(A) Child in Protective Custody. If an Indian child is taken into protective custody pursuant to MCR 3.963(A) or (B) or MCR 3.974, a removal hearing must be completed within 14 days after removal from a parent or Indian custodian unless that parent or Indian custodian has requested an additional 20 days for the hearing pursuant to MCL 712B.9(2) or the court adjourns the hearing pursuant to MCR 3.923(G). Absent extraordinary circumstances that make additional delay unavoidable, temporary emergency custody shall not be continued for more than 45 days.
(B) Child Not in Protective Custody. If an Indian child has not been taken into protective custody and the petition requests removal of that child, a removal hearing must be conducted before the court may enter an order removing the Indian child from the parent or Indian custodian.
(C) Notice of the removal hearing must be sent to the parties prescribed in MCR 3.921 in compliance with MCR 3.920(C)(1).
(D) Evidence. An Indian child may be removed from a parent or Indian custodian, or, for an Indian child already taken into protective custody pursuant to MCR 3.963 or MCR 3.974(B), remain removed from a parent or Indian custodian pending further proceedings, only upon clear and convincing evidence, including the testimony of at least one qualified expert witness, as described in MCL 712B.17, who has knowledge about the child-rearing practices of the Indian child’s tribe, that active efforts as defined in MCR 3.002 have been made to provide remedial services and rehabilitative programs designed to prevent the breakup of the Indian family, that these efforts have proved unsuccessful, and that continued custody of the child by the parent or Indian custodian is likely to result in serious emotional or physical damage to the child. The active efforts must take into account the prevailing social and cultural conditions and way of life of the Indian child’s tribe.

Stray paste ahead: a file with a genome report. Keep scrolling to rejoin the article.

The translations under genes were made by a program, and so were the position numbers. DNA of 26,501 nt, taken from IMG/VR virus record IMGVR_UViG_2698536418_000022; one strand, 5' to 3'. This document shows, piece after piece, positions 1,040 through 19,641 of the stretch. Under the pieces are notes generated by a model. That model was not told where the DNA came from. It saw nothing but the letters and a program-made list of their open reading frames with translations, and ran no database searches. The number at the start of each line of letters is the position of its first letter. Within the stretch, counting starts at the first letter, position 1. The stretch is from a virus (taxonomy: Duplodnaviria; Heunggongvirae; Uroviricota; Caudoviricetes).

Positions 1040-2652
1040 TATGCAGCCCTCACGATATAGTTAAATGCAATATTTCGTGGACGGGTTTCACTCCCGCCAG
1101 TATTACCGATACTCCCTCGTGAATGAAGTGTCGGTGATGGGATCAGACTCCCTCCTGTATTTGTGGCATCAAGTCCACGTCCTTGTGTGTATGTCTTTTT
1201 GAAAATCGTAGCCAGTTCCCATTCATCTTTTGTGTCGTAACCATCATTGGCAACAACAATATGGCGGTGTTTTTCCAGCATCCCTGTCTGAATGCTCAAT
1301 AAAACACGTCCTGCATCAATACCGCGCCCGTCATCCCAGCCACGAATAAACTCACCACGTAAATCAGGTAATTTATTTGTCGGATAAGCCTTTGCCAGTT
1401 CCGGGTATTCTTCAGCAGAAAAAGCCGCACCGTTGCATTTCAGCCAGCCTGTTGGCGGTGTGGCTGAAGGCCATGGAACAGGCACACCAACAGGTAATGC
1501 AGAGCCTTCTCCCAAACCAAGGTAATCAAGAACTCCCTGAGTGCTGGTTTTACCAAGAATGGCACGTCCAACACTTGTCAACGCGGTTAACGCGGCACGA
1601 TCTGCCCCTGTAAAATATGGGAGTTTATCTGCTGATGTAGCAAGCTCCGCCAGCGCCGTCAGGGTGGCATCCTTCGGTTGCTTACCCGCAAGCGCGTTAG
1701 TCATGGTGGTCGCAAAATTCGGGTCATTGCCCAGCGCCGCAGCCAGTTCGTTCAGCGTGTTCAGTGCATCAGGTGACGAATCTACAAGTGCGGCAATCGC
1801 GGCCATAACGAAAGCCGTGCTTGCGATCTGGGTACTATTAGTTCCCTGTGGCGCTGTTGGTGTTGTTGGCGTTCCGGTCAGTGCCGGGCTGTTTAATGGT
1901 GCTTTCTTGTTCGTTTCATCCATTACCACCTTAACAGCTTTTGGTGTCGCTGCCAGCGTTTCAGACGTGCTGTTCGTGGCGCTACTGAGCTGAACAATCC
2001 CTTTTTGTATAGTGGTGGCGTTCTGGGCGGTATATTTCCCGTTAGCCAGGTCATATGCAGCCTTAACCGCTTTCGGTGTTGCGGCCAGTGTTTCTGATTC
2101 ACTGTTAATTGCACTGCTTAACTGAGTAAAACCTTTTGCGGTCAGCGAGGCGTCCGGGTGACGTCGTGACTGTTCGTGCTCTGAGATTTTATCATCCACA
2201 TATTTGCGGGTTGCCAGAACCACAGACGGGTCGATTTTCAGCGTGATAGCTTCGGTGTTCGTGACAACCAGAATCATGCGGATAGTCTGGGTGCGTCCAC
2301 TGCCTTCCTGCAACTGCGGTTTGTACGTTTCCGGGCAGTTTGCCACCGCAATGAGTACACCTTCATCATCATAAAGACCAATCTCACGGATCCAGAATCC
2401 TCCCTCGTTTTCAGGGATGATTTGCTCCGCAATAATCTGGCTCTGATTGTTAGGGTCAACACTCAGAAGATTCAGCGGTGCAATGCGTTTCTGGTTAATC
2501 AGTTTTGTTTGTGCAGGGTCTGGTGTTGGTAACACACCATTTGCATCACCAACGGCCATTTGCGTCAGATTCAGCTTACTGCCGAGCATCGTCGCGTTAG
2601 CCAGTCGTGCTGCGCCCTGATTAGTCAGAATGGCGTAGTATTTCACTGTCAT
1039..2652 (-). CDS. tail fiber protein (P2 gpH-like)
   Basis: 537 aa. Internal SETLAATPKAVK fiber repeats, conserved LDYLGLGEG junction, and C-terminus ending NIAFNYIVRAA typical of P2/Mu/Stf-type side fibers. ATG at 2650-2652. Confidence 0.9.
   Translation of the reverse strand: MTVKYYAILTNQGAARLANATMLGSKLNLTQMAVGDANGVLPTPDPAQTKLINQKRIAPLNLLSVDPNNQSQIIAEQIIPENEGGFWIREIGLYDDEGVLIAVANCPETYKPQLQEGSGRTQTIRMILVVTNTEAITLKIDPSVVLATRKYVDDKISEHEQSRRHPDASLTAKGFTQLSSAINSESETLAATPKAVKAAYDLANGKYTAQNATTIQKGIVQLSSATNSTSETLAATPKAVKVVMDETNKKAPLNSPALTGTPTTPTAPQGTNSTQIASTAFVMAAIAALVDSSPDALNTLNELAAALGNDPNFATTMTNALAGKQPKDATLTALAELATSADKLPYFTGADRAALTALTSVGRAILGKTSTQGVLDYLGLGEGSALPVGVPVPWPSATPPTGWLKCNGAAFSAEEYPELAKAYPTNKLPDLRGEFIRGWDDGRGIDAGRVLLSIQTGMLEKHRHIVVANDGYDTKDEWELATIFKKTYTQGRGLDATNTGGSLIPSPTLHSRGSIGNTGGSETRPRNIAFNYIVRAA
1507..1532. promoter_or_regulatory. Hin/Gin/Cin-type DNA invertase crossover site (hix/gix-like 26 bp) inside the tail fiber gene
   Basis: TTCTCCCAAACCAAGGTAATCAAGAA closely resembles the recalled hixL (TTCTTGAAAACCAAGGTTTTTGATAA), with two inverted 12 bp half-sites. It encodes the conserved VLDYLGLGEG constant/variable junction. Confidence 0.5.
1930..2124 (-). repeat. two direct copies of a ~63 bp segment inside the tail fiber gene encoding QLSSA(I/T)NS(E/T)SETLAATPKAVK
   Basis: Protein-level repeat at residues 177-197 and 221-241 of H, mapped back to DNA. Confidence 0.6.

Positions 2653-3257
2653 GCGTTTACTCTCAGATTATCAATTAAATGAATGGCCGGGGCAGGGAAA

(E) A removal hearing may be combined with any other hearing.
(F) The Indian child, if removed from home, must be placed in descending order of preference with:
(1) a member of the child’s extended family,
(2) a foster home licensed, approved, or specified by the child’s tribe,
(3) an Indian foster family licensed or approved by department,
(4) an institution for children approved by an Indian tribe or operated by an Indian organization that has a program suitable to meet the child’s needs.
The court may order another placement for good cause shown in accordance with MCL 712B.23(3)-(5). If the Indian child’s tribe has established a different order of preference than the order prescribed in subrule (F), placement shall follow that tribe’s order of preference as long as the placement is the least restrictive setting appropriate to the particular needs of the child, as provided in MCL 712B.23(6).
The standards to be applied in meeting the preference requirements above shall be the prevailing social and cultural standards of the Indian community in which the parent or extended family resides or with which the parent or extended family members maintain social and cultural ties.